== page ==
Edmunds He said that he began hearing stories about pioneering early on in his tech career Utah Companies that formed the basis of a local tech ecosystem would become an economic juggernaut.

Dr. Ed Catmull, president of Walt Disney and Pixar Animations Studios, delivers the commencement address during commencement exercises at the Huntsman Center at the University of Utah on May 4, 2012.
Dr. Ed CatmullPresident of Walt Disney And Pixar Animations StudiosDuring commencement exercises at The, he delivers the commencement speech Huntsman Center The University Of Utah On May 4, 2012. (Photo: Brian Nicholson, Deseret News)

“That’s when I started to learn about how Silicon Slopes was built,” Edmunds said. “I heard stories about ARPANET, Evans and Sutherland, Ed Catmull and so many others. At the time, I was just trying to learn as much as I could from different people.”

Idle He was at home during the worst COVID-19 pandemic and before he assumed the role of chief executive officer Entrata, Edmunds It was then that the idea of creating a podcast was born.

“I was thinking about all the things I had learned about the early days, the evolution that led to Silicon Slopes,” Edmunds said. “I wanted to do the podcast to make sure these stories weren’t forgotten.”

The The first few episodes in the fourth season Node Features interviews with some of the key players from the early days. Utah tech scene.

Novell Was one of the first Utah Tech companies that succeed. Originally a company manufacturing computer hardware, it evolved into a business that created networking software for the rapidly growing personal computer market.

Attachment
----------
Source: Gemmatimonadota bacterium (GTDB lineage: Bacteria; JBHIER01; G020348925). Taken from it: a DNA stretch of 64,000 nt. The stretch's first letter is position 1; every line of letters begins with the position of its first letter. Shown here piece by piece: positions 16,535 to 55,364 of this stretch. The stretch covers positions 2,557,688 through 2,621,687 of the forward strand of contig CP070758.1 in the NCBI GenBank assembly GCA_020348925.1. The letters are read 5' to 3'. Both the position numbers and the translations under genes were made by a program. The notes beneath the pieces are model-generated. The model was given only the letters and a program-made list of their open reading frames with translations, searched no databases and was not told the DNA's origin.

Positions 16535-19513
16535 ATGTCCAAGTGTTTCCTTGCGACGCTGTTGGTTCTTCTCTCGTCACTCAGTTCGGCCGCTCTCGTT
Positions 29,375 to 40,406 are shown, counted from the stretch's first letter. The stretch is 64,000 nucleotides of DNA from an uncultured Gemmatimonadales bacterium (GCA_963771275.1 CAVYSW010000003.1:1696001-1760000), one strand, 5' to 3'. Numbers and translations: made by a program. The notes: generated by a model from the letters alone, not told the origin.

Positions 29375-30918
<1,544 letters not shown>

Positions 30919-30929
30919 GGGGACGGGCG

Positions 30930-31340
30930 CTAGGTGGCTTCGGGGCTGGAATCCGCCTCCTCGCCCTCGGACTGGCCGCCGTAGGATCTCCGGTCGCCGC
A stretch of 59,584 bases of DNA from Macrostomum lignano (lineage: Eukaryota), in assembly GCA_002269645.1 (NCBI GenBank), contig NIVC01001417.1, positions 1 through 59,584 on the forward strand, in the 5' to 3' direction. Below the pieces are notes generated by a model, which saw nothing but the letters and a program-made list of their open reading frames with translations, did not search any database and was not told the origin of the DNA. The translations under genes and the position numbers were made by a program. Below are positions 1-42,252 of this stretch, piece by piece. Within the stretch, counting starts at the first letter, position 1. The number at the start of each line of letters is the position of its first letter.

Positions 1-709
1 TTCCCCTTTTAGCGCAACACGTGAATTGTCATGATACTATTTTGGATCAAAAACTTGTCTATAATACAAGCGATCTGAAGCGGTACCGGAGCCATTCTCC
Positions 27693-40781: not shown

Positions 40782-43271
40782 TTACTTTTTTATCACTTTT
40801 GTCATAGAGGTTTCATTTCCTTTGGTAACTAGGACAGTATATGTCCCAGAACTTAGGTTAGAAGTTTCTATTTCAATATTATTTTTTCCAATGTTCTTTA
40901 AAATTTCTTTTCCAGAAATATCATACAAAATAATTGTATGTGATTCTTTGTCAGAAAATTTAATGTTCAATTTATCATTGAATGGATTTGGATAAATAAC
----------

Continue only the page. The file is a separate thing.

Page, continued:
Novell in Provo is pictured on May 2, 2011.
Novell In Provo Is pictured May 2, 2011. (Photo: Scott G Winterton, Deseret News)

Featured The 4th Annual Voices Node’s Episodes about Novell Include Drew MajorChief architect of Novell’s Netware The network operating system was an important innovation that led to the company’s peak valuation of $10Billion. Also In the mix is David BradfordWho was it? Novell’s Chief counsel, and as such, a support to the CEO of the company Ray Noorda Navigate an explosion of growth that took Novell From a boutique Utah County From startup to global tech powerhouse his legal team also launched a legal proceeding against Microsoft That would be a significant U.S. Supreme Court decision on antitrust practices

Major And Bradford Shared stories of Novell’s segue into network software development with Noorda?, University Of Utah At the helm: An electrical engineer with a degree. It It was an innovation that made the personal computer a powerful business tool and pushed the business to the top of the tech world.

Bradford An anecdote was shared that illustrates just how fast it is Novell After its switch to network software in mid-’80s, grew.

“In 1985, if you’d invested $1 dollar in any public company, by 1992 your highest return on that $1 would have been Novell,” Bradford 4 Node podcast.

Bradford Also, it was noted that its peak value was $2.5 billion Novell It was valued at more than any of the U.S. airlines operating at the time, and one of the four most valuable companies worldwide.

AndA preview of a 4th edition Node exploration, Novell Was one of two UtahThis list includes companies based in the United States. Utah County tech firm WordPerThe top four are fect. The Other two companies were Lotus And Microsoft.

Microsoft Figures are largely into Novell’s Thank you to the former-CEO for the story and the most interesting moments of the podcast Bill GatesInterest in purchasing the company, as well as a lot of intrigue and shenanigans that were part of the failed takeover.